Back in September of 2011, multi-millionaire trader and investor Vince Stanzione predicted that the Dow Jones Industrial Average would reach 14,200 by the first half of 2013. "A lot of people laughed at that," says Stanzione. "They're not laughing now." On March 6, 2013, the Dow hit an all-time high of 14,296 - a nearly 100-point spike that occurred well within Stanzione's projected time range.
Stanzione hastens to add that the Dow's record high does not mean the end of the economic woes that have plagued the US and world economies for several years. He points to the previous all-time Dow high of 14,198, set back on October 9, 2007. "That was right before the financial crisis hit, and the bottom fell out," he says. Even so, he feels vindicated by the Dow's performance this week, and he sees good things ahead for US stocks in particular.
When Stanzione was making his rosy projections in 2011, it was considered foolhardy at best to be bullish on Wall Street. But Stanzione insisted at the time that he saw great opportunities for those who were brave enough to invest, claiming his own independent track record was spot-on. He also cited tobacco and foods company Philip Morris. "Back in 2000, Philip Morris was hated by the Street," he said. "But the company went on to become Kraft, Atria, and Philip Morris International, returning over 500% steady dividends in the following decade."
Born in the UK, Vince Stanzione is a self-made multi-millionaire now based in Monaco and Mallorca, Spain. He's been an entrepreneur for most of his life. After starting his own software business at the age of 14, he landed his first city job as a junior in the FX dealing room for Nat West at the age of 16. Though he lost his savings in the 1987 stock market crash, that was only a temporary setback; he set up a car phone business in 1989, and in 1991 he sold it for over 1.3 million pounds. After that he returned to trading and investing, and built up a fortune from trading and financial spread betting.
Using his own market model, which tracks seasonality, dividend yields and sentiment, Stanzione was able to see that the Dow Jones Industrial Average would reach an all-time high within the first six months of 2013. He didn't expect everyone to agree with him, but that was fine with him. "History has shown that the best time to invest is when everyone hates stocks," he noted at the time.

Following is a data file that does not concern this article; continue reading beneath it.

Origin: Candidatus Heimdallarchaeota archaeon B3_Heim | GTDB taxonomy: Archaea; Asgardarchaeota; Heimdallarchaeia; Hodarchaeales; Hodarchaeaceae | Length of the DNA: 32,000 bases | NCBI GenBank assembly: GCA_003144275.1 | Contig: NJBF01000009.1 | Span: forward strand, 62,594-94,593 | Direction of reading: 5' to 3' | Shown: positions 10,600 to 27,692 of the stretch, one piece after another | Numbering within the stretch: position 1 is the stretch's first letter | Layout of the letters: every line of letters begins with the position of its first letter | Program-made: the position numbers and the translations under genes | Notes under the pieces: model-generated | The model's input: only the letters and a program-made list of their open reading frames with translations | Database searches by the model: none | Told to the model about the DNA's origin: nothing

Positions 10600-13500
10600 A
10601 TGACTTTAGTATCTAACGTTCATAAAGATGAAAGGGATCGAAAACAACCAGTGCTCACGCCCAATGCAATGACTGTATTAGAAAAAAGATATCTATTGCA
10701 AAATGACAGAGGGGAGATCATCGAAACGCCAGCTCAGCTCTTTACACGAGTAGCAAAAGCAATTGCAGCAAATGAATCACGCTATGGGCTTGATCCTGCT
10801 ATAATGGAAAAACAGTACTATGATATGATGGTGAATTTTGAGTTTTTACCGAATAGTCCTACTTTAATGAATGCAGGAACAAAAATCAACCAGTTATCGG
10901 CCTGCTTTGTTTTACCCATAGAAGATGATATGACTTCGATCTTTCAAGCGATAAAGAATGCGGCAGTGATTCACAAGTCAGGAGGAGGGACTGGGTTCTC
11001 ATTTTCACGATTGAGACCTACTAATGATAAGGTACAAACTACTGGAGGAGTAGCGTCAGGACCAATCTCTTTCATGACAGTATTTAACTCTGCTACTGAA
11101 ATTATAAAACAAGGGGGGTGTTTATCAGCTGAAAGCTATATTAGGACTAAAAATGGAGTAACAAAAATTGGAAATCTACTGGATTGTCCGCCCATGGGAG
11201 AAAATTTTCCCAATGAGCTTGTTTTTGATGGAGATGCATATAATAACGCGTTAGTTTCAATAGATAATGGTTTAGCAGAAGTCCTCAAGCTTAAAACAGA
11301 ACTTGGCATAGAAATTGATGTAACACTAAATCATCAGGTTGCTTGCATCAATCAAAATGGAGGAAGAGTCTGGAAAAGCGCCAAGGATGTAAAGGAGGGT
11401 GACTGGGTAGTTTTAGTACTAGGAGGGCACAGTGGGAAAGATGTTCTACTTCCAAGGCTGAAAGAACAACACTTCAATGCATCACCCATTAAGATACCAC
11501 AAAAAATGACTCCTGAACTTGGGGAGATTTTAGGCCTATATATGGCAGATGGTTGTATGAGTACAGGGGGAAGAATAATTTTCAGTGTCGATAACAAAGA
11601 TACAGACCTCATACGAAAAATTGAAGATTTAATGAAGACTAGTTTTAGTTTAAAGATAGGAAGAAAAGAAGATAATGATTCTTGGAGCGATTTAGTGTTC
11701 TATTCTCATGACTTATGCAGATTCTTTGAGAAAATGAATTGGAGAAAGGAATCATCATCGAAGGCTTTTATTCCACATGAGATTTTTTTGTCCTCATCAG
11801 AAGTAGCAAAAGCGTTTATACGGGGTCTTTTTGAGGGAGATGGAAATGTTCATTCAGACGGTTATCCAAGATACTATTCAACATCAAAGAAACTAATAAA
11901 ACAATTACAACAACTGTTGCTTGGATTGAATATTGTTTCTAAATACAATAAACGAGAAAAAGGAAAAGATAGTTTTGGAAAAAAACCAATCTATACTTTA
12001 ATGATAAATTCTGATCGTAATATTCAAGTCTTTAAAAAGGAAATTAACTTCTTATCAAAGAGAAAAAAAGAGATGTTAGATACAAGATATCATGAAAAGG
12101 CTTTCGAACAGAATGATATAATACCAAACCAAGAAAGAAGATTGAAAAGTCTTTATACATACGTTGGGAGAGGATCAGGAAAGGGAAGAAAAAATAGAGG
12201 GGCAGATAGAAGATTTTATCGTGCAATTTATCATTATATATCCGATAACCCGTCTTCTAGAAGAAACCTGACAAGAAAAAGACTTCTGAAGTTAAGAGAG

Not one to rest on his laurels, Stanzione is looking ahead to what's next. He has had great success in investing in tobacco, beverages, gaming and fast food stocks over the last decade, and has also been an early investor in commodities. Overall Stanzione remains positive on US stocks. "You would be foolish to bet against the US," he says, adding, "Financial, housing, and auto related stocks are all showing strong signs of recovery. I also see a continued stream of takeovers, mergers, and stock buybacks as companies have large cash balances which they need to put to work."
He continues, "Even after the run up in stocks, my proprietary indicators still show the majority of the public is not invested in stocks - and many professional advisors have missed out on the recent gain, which means that prices can still push higher as investors play catch up."
And although Stanzione is sure that there will be more bumps along the way, Dow 15,000 by year's end is not out of the question, he says. "Looking further out, the US remains in a strong position with a boost and competitive advantage from the new shale energy and gas finds. Biotech and healthcare stocks also have a very bright future, and the US leads this field."
What doesn't he like? "Gold is looking weaker," he says. "I see better opportunities elsewhere." The point, Stanzione says, is that opportunities abound for those who are willing to step outside the bounds of conventional wisdom. He says he has made a successful career out of doing exactly that, and now teaches others what he describes as his simple trading and investing strategies. "The good news," he says, "is that it's possible to profit from up, down, and even sideways markets."
For more information, visit http://www.fintrader.net.